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Gauss wrote:CRB p208 wrote:Attacks: Some spell descriptions refer to attacking. All offensive combat actions, even those that don’t damage opponents, are considered attacks. Attempts to channel energy count as attacks if it would harm any creatures in the area. All spells that opponents resist with saving throws, that deal damage, or that otherwise harm or hamper subjects are attacks. Spells that summon monsters or other allies are not attacks because the spells themselves don’t harm anyone.Right there, if there is no harm, it is not an attack.
If I cast Harm on an enemy, not knowing that he's a vampire/lich/some undead that doesn't necessarily LOOK like a bag of bones, is it not an attack because he benefits? Same for hitting a golem with a spell that would, in fact, heal it?PRD wrote:
Attacks of Opportunity
Sometimes a combatant in a melee lets her guard down or takes a reckless action. In this case, combatants near her can take advantage of her lapse in defense to attack her for free. These free attacks are called attacks of opportunity.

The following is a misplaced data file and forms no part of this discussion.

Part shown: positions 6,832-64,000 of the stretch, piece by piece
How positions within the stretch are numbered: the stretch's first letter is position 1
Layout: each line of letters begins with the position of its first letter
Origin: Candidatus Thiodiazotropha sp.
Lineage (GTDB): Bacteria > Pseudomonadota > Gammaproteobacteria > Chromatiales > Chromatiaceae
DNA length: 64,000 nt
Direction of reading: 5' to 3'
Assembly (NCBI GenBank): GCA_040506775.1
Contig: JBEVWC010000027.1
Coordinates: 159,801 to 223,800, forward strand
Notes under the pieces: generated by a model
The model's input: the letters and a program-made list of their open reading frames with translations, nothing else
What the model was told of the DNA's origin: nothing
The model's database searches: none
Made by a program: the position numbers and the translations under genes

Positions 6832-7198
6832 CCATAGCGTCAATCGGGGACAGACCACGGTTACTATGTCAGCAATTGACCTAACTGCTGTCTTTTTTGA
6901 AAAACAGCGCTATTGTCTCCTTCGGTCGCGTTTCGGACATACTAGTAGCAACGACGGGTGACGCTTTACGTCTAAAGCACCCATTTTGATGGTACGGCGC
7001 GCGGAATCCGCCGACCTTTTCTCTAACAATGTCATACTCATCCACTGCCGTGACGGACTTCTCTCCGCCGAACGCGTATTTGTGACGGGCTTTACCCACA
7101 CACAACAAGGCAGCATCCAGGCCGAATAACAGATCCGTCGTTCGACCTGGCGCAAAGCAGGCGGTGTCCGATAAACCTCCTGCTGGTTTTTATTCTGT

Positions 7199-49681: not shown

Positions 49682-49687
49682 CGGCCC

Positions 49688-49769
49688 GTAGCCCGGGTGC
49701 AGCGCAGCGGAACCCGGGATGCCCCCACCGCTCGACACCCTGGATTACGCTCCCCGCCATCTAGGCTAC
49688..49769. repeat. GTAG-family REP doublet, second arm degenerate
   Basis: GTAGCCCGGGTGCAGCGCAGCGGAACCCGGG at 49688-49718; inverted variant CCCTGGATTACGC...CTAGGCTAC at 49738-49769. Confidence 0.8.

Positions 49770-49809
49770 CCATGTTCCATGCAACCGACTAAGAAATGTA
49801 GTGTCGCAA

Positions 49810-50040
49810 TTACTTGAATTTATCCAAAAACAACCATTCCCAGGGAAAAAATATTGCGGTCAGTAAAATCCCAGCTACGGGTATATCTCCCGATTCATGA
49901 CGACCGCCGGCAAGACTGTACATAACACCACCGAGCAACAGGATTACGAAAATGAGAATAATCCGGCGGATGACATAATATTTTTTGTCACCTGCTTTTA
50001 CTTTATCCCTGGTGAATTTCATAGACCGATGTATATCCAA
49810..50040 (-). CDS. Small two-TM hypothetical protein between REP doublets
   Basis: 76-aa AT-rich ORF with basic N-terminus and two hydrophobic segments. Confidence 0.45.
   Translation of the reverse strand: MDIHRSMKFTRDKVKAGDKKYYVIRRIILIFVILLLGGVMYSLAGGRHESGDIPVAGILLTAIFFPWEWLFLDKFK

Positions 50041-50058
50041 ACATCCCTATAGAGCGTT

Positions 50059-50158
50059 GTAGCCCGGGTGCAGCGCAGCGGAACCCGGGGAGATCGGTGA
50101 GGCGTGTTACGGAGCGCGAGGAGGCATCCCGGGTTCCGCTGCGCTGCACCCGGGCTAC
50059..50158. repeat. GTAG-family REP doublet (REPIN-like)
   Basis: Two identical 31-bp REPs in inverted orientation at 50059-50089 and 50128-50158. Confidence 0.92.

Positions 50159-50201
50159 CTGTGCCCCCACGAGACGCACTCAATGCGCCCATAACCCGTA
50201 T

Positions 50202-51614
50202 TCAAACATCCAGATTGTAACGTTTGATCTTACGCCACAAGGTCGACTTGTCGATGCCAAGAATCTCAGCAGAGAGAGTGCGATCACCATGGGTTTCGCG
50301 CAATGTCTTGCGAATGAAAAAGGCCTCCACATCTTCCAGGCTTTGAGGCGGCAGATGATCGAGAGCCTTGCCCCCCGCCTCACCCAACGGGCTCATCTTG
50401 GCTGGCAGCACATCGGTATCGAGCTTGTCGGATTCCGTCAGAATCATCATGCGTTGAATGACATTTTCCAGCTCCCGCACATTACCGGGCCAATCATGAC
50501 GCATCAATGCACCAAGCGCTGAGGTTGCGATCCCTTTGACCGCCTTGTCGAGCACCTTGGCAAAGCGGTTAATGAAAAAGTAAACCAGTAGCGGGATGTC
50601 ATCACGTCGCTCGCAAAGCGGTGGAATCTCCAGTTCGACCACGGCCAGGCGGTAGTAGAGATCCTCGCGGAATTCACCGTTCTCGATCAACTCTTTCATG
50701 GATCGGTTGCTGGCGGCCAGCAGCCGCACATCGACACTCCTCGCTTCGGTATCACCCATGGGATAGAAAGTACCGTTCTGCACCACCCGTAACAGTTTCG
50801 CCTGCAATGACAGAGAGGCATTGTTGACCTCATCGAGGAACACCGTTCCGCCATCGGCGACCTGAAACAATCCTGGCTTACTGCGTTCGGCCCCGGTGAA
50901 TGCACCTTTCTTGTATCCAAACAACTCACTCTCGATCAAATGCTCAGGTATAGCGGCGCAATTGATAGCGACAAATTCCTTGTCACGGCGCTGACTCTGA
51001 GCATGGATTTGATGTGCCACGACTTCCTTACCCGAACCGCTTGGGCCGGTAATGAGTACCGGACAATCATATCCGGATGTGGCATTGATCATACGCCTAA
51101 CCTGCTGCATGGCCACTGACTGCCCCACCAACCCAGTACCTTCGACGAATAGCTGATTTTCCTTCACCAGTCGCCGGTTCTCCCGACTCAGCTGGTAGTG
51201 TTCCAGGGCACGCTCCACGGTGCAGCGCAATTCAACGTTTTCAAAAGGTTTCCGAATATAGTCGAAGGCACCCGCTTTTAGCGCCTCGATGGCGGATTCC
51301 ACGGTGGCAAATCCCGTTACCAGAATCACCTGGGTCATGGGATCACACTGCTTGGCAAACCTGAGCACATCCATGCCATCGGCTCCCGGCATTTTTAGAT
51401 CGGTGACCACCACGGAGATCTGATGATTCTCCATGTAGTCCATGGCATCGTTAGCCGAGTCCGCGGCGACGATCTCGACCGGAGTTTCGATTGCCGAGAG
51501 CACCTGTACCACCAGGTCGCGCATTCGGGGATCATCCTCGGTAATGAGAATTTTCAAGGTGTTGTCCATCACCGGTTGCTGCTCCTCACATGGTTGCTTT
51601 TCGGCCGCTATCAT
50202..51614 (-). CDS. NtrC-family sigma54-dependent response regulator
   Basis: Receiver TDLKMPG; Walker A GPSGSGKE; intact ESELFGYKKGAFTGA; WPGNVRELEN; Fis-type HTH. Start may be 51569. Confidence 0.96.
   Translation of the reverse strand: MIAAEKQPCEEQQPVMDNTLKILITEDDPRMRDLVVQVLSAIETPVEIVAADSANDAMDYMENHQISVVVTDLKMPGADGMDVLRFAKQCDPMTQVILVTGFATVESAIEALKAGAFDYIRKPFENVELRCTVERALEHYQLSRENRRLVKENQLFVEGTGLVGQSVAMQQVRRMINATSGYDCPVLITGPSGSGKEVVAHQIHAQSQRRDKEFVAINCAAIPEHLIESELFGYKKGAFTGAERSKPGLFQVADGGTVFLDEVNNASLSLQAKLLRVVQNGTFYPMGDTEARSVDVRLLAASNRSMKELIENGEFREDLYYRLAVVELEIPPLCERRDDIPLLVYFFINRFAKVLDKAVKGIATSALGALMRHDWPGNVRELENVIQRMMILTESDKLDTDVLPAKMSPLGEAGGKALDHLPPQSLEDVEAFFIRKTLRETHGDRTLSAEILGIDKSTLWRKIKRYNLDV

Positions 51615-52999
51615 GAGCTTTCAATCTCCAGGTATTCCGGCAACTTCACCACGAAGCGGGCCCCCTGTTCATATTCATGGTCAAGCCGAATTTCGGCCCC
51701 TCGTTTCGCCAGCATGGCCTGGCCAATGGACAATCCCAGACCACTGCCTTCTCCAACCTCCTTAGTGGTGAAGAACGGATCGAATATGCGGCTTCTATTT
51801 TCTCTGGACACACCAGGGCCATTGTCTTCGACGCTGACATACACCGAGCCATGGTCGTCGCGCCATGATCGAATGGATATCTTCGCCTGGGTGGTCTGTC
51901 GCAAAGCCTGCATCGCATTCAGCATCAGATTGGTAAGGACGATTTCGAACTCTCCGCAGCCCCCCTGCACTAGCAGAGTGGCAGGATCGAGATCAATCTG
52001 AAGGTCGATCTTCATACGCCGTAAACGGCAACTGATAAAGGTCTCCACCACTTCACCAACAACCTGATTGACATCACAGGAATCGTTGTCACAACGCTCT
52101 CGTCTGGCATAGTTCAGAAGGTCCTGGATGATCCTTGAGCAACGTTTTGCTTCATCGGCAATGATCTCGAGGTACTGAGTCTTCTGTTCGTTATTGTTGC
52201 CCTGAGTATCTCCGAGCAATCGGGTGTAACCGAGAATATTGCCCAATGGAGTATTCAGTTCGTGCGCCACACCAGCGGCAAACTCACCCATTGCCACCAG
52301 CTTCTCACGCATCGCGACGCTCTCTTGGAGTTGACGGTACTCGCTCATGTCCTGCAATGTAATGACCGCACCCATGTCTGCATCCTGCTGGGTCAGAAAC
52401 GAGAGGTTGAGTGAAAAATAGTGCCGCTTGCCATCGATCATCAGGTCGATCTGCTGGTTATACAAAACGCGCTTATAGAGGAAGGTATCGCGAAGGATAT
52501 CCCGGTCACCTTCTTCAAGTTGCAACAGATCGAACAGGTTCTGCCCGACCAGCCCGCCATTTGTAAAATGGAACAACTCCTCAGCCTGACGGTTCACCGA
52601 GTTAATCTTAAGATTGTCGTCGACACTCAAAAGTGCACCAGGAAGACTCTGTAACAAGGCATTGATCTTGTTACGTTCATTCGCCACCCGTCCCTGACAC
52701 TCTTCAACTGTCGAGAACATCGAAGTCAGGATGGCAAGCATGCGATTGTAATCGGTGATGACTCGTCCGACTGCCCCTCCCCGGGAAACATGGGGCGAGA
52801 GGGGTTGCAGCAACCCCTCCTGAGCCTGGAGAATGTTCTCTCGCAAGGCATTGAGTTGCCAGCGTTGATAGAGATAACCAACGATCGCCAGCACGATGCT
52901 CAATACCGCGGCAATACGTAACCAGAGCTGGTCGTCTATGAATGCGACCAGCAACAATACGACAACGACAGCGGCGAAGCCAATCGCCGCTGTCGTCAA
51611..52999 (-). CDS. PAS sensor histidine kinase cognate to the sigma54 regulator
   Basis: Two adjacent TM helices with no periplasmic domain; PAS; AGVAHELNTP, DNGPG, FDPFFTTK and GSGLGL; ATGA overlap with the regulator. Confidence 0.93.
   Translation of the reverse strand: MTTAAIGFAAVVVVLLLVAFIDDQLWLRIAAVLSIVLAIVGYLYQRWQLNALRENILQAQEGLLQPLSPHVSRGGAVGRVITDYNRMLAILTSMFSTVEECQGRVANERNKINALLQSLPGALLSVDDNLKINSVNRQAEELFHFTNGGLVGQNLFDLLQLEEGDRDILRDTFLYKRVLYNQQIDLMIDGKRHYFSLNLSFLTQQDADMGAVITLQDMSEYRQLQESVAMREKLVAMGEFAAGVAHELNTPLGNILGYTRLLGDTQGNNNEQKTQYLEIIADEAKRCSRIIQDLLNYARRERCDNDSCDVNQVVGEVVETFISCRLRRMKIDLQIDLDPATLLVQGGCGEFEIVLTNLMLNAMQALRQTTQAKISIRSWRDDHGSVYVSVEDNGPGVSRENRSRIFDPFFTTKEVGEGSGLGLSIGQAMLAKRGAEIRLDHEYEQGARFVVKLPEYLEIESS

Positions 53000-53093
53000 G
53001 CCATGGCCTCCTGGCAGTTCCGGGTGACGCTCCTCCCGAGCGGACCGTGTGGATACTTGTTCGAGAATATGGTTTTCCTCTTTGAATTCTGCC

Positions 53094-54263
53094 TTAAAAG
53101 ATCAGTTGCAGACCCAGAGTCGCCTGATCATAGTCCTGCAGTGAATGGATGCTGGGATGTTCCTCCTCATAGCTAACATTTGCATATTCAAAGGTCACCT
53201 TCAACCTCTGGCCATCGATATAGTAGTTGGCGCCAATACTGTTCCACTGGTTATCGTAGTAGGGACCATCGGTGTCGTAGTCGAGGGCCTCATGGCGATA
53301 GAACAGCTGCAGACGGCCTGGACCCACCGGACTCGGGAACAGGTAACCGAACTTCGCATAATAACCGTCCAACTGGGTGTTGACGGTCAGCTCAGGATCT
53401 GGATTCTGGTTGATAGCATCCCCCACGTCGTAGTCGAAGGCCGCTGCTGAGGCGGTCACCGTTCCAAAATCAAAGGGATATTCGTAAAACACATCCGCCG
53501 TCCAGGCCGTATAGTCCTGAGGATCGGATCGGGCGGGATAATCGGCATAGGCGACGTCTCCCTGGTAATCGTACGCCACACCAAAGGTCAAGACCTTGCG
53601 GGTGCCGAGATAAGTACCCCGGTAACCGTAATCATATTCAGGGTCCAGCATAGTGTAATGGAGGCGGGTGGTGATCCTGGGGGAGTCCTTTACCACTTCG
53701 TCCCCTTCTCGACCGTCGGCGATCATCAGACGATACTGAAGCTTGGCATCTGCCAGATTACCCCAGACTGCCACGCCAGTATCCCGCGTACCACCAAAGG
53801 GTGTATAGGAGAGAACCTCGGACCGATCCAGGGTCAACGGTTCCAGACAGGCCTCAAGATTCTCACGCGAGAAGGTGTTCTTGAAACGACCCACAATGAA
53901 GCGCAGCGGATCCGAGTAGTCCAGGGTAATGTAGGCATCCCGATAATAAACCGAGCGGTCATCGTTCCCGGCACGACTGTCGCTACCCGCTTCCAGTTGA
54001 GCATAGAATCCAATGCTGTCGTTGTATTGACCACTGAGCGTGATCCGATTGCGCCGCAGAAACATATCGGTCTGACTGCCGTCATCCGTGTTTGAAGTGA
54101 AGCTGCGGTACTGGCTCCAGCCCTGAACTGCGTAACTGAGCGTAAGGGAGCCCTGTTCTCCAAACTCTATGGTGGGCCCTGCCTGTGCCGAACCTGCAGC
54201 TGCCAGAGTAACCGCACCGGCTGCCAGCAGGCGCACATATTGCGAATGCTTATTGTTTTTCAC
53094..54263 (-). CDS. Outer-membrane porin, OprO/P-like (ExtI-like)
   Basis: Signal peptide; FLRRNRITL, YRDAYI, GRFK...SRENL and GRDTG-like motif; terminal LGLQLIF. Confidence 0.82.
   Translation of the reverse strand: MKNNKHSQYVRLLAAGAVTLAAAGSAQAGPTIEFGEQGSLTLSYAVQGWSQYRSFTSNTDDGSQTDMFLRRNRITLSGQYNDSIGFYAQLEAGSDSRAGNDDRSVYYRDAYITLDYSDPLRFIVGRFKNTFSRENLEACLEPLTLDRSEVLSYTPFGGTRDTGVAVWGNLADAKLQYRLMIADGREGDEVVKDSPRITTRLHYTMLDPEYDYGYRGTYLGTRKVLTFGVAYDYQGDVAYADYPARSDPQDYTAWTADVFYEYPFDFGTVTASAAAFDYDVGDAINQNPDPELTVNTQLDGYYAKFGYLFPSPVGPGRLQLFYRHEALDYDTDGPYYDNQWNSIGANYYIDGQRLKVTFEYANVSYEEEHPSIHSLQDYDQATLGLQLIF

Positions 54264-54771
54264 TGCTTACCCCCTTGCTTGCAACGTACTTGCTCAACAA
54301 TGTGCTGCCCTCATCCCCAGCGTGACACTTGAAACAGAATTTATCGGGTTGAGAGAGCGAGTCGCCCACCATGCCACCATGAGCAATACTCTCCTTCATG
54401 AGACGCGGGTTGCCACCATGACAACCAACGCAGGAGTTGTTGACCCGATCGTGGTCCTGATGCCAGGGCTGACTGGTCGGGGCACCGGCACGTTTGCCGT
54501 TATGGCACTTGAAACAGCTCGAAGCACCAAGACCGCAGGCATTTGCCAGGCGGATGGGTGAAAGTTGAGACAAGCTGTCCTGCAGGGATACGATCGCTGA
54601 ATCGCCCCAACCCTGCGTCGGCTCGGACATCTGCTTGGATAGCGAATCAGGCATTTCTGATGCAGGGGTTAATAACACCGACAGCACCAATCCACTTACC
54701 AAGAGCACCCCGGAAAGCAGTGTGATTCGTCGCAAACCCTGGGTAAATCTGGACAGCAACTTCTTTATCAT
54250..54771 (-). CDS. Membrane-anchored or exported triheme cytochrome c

No mention is made of enemies, just combatants near the provoking characterPRD wrote:
You threaten all squares into which you can make a melee attack, even when it is not your turn. Generally, that means everything in all squares adjacent to your space (including diagonally). An enemy that takes certain actions while in a threatened square provokes an attack of opportunity from you. If you're unarmed, you don't normally threaten any squares and thus can't make attacks of opportunity.
Here it DOES mention enemies, but still, two separate paragraphs on the same rules say different things.
It is not "two different paragraphs that say different things", it is a single rule where the second paragraph specify how it work.By your logic I can take the first paragraph of most feats and say that the feat work differently.
"I throw away the part I dislike" isn't how rules work.